I wish I could tell you that it was easy to leave the tomb, but it wasn’t. However, I went to the disciples and said, “I have seen the Teacher!” and I told them what he had said to me.
Later, I learned that my women companions, who left the tomb in joy and awe before me, suddenly encountered Jesus while on their way. He stood before them and said, “Shalom! Peace!”
They ran straight up to him and knelt down to embrace his feet and worship him. When they did this, Jesus said to them, “Don’t be afraid! Go tell the disciples to go to Galilee, where they will see me.” When the women returned to where we were staying, they told the Eleven and the others all these things…..(the empty tomb, how they met Jesus on the road, and his request to deliver his message to them.)
But the women’s words seemed to the apostles an idle tale and the apostles did not believe the women.
Can you believe it?
When I told them he was alive and I had seen him, they did not believe me either. (Note: The arguments between Mary and the eleven are recorded in the Gospel of Mary, but her story was not included when the canon was closed more than three hundred years, after these events. Mary’s Gospel was only recently discovered in the 20th century.)
It took many appearances before they believed, the first in the upper room to the cowering disciples later in the evening of that first day of the week, when we women had already encountered the risen Jesus. It took appearances to the two men walking in the country and to two men on the road to Emmaus, and to the disciples on the beach fishing and later eating some of their catch of fried fish with him. They did not believe without seeing.
Do you know that Jesus actually upbraided (that is, scolded) the eleven at that first appearance in the upper room because they did not believe us, the women who had seen him after he had risen? He chastised the eleven because they did not believe that we were the first to encounter the risen Jesus and that his commission to us to go and spread the good news of his rising was legitimate.
Our true story of that morning has been obscured because we were not educated enough to write it down. But, somehow, the truth of the events seems to have survived in what was written down by the men of the later decades when most of the eye witnesses were nearly all gone. It is entombed there, but you can resurrect it if you turn to look for it, which I have done for you here.
What I tell you is true.
I saw Jesus die. I saw him be buried. I saw his empty tomb.
Then, I saw him alive; I heard him; I held him; and finally, I did what he asked of me.
I witnessed to the living presence of the crucified Jesus. I saw and held, spoke to and listened to my teacher, my beloved of Nazareth, risen from the dead, and I share this Good News with you now, so that all future generations may know that when we Christians hear Jesus call us by name, we too will turn to his voice and see him. We too will have to make the choice to do, or not to do, what he asks of each of us. What will be asked will not be the same for everyone. But, we will all be asked to serve others in some way. That was what Jesus taught every step of the way during his life and it is what he continued to teach after he rose from the dead.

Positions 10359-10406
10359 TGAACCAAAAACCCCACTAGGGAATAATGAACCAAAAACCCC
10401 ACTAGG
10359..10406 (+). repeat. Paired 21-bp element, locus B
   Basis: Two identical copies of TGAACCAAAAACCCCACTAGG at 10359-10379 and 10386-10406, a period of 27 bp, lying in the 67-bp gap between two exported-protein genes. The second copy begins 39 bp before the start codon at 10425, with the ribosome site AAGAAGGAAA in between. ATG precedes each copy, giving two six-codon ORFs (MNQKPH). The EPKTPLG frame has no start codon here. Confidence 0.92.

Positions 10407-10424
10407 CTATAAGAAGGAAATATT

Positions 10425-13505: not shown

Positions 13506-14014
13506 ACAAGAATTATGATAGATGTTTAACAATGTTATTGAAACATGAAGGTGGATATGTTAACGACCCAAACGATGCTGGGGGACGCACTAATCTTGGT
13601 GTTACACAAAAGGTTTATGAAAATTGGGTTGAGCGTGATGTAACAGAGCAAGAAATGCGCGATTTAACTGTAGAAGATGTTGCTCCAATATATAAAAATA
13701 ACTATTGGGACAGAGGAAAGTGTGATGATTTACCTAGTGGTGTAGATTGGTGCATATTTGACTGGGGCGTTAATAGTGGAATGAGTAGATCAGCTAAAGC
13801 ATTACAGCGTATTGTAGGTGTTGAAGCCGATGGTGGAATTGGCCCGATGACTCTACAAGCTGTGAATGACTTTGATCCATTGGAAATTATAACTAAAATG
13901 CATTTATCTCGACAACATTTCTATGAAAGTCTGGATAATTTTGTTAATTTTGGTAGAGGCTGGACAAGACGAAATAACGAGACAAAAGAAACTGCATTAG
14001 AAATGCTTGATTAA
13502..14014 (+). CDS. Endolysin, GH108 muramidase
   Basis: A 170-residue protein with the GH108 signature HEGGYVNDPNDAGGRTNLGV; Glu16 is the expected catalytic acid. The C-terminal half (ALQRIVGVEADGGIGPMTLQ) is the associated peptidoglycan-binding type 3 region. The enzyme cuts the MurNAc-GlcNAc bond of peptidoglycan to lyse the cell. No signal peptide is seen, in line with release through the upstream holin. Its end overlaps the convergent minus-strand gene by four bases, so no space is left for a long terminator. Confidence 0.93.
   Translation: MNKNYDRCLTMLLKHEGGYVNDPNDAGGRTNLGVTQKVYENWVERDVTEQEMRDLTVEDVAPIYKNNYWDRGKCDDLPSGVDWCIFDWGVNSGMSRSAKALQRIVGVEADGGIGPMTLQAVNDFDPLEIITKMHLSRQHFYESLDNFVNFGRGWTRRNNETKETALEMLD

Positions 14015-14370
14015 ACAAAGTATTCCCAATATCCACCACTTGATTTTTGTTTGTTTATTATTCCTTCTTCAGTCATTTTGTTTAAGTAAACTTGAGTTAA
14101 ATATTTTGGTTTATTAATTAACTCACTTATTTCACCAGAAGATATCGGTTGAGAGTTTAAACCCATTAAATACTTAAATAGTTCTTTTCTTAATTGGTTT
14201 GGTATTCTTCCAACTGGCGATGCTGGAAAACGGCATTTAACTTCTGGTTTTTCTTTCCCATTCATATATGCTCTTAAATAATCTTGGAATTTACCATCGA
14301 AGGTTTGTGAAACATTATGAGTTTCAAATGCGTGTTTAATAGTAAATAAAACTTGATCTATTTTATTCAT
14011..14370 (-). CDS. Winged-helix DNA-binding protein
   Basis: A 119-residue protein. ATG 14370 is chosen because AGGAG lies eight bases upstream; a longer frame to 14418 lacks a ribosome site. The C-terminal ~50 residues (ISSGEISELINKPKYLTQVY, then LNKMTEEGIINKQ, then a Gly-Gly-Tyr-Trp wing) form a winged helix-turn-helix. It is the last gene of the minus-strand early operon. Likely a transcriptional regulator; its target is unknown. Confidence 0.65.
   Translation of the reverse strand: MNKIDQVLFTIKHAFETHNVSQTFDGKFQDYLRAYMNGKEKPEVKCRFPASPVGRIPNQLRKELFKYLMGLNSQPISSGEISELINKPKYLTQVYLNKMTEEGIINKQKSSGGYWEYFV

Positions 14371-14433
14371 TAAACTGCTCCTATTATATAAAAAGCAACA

We women were commissioned to go and tell the Good News that Jesus is waiting for us in the appointed place. He chooses the place. He promises that we will see him again, that we can each meet him again.
But, and this is a big but, we have to show up! We have to go out to meet him. We have to turn to him. We have to reach out, to act, to do something in order to bring ourselves into his presence.
Maybe that “something” is prayer; maybe it’s service to others, feeding, clothing, housing, freeing them; maybe it’s weeping at the tombs in our lives; the times of sorrow and tragedy; maybe it’s showing up to wait and watch with others in their difficult times; maybe it’s having faith when we don’t understand what is happening…or why, maybe it is not being deterred from doing what Jesus asks of us, even when the cost is great and the path difficult.
But believe this good news! HE WILL BE THERE AHEAD OF WAITING FOR US TO COME TO HIM. He is risen and waiting for us now in the Eucharist. When we come into communion with him in the bread and wine, we become the body and blood of Jesus and we too are commissioned to go and tell the good news to others, to serve others and to be witnesses of Jesus’ extravagant love for us, a love so great that he though he died, he rose to give us the promise of life eternal.
I am the disciple who is bearing witness to these things, and who has written these things; and I know that this testimony is true. But there are also many other things which Jesus did; were every one of them to be written, I suppose that the world itself could not contain the books that would be written.
Suggested for further reading and study:
The Gospel of Mary Magdalene (Translated from the Coptic by Jean-Yves Liloup, 2002).
But She said (Elisabeth Schussler Fiorenza,1992).
Searching the Scriptures (Elisabeth Schussler Fiorenza,1994).
The Resurrection of Mary Magdalene ( Jane Schaberg, 2002).
Mary Magdalene,The First apostle: The Struggle for Authority (Ann Graham Brock, 2003).
The Gospel story of Easter Morning according to John 20:1-18 (Canadian Lectionary)